MEETING a college classmate after an eight-year separation can be one of life’s excruciating moments. You know how it goes: An exchange of handshakes and smiles… followed by awkward silence.
Tonight it is particularly difficult for me because I am scheduled to meet-and interview-my old chum, Ray Manzarek, keyboard player of The Doors.
The only contact I have had with Ray since 1964 is the sound of his music on the radio and the reports of The Doors’ bizarre activities in the newspapers. Couple this with the recent death of his good friend Jim Morrison and you have the makings of a tense evening.
AND THAT is just how this Thursday night begins. Tense. The Doors are in Chicago to perform at the Aragon the next evening. It is their first Chicago appearance since Morrison’s death. Now a three-man group, having decided not to replace their singer, “the messengers of the devil,” “the patricide kids,” “the Los Angeles branch of the Oedipus Association” (as they once were de-scribed), The Doors are ensconced in a fashionable Gold Coast hotel.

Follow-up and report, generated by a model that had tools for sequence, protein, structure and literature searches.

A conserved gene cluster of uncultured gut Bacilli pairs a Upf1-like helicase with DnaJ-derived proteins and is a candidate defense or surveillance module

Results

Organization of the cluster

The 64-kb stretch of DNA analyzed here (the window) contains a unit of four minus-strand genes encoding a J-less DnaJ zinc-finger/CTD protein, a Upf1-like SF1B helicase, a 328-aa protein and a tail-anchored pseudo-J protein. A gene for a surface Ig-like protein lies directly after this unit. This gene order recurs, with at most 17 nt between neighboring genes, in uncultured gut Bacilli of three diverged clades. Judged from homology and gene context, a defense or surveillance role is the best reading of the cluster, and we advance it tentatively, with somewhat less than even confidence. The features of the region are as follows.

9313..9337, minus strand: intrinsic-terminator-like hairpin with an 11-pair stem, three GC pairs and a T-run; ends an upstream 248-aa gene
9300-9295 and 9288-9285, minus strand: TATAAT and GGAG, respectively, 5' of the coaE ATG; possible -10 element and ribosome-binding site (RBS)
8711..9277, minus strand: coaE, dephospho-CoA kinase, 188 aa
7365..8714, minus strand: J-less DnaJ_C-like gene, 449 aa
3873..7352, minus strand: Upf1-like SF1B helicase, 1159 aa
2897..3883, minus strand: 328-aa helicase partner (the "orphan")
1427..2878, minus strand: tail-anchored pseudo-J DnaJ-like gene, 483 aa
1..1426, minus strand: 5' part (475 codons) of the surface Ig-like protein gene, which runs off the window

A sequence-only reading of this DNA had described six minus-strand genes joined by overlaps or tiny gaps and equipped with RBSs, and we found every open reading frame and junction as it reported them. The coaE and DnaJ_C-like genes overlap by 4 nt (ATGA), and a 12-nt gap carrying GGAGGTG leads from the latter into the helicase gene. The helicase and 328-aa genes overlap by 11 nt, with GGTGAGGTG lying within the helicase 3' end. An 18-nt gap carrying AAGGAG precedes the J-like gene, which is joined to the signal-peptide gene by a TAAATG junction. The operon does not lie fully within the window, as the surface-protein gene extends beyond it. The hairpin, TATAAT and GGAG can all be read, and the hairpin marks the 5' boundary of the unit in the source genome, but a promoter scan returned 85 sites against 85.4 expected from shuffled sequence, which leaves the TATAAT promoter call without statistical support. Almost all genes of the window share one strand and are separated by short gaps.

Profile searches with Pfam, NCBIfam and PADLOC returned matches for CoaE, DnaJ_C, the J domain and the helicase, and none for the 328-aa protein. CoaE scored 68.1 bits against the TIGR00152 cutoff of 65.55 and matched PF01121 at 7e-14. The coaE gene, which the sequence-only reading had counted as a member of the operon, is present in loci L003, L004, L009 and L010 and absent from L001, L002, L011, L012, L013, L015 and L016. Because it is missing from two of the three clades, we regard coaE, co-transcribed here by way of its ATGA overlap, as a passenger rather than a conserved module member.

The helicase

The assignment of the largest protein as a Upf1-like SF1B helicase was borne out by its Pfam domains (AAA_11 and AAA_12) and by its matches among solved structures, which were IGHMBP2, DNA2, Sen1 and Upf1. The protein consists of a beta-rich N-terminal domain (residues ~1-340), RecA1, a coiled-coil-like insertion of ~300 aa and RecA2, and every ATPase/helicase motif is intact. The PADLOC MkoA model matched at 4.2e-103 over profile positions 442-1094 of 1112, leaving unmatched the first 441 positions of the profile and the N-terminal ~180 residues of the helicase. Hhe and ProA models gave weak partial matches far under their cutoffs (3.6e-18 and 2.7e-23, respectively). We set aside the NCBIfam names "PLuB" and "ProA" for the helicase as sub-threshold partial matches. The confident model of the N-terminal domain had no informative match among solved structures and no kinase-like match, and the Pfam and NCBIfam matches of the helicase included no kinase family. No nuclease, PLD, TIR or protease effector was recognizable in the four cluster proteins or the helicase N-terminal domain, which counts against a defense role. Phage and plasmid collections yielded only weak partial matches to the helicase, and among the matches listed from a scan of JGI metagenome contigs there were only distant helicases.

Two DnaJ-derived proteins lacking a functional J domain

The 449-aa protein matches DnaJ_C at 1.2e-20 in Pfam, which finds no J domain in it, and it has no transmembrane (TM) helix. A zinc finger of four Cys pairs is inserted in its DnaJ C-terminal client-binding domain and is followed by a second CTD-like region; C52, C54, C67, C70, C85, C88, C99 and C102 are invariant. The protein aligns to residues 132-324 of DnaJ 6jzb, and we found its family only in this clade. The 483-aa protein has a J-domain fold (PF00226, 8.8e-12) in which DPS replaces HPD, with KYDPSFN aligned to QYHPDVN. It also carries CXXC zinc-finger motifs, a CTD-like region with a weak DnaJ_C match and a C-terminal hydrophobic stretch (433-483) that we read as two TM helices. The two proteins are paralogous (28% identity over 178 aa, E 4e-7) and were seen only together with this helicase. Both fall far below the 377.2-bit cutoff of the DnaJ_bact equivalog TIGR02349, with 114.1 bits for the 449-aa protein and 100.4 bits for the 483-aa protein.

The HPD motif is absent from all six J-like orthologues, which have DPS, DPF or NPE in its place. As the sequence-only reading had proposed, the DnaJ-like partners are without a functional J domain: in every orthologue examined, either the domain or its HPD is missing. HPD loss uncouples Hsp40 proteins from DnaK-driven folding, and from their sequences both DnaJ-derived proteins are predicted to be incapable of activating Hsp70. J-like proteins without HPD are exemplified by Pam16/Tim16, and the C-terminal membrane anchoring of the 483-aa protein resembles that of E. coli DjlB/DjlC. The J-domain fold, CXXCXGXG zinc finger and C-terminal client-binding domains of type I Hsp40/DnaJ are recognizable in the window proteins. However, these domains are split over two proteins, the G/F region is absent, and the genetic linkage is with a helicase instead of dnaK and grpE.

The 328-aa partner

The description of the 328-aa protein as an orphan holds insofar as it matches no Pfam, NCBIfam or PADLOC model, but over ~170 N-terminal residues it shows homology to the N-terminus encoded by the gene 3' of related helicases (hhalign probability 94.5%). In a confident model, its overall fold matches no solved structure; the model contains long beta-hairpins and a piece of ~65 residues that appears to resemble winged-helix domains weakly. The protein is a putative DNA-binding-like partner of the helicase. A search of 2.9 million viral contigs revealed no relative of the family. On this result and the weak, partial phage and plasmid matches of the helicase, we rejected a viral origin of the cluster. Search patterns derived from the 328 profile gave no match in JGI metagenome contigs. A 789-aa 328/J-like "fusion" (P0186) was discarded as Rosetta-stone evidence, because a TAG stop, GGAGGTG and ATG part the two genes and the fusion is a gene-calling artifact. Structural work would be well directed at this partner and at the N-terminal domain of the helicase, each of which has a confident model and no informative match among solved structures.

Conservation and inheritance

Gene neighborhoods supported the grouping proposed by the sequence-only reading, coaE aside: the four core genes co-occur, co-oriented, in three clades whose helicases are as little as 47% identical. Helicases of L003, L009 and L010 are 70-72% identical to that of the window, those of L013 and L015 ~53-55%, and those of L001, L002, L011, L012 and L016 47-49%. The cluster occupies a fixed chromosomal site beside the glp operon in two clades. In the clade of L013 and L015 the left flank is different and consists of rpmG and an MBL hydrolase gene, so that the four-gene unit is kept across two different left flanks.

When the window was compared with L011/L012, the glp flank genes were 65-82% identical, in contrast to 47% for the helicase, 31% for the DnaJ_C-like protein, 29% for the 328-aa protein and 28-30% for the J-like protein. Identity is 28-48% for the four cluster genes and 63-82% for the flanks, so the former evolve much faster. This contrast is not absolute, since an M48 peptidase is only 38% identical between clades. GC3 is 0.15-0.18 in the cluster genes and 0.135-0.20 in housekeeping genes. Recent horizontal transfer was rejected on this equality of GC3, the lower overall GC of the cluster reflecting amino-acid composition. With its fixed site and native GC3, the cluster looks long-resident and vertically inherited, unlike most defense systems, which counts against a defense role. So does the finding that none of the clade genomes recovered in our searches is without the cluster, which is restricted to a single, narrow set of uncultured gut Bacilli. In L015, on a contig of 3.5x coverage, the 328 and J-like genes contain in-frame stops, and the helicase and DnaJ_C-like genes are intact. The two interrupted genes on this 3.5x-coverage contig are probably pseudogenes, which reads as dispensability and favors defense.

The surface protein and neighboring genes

I ring Ray’s room from the lobby. “Ray?” “Yup.” “Marshall.” “Yup.” “I’m a little early.” “Yup.” “Are you free now?” “Yup.” “I’ll be right up.” “Yup.”
Is this old warm-hearted Ray? I ride the elevator reviewing a flood of memories from our days together at DePaul University College of Commerce in Chicago and the University of California in Los Angeles…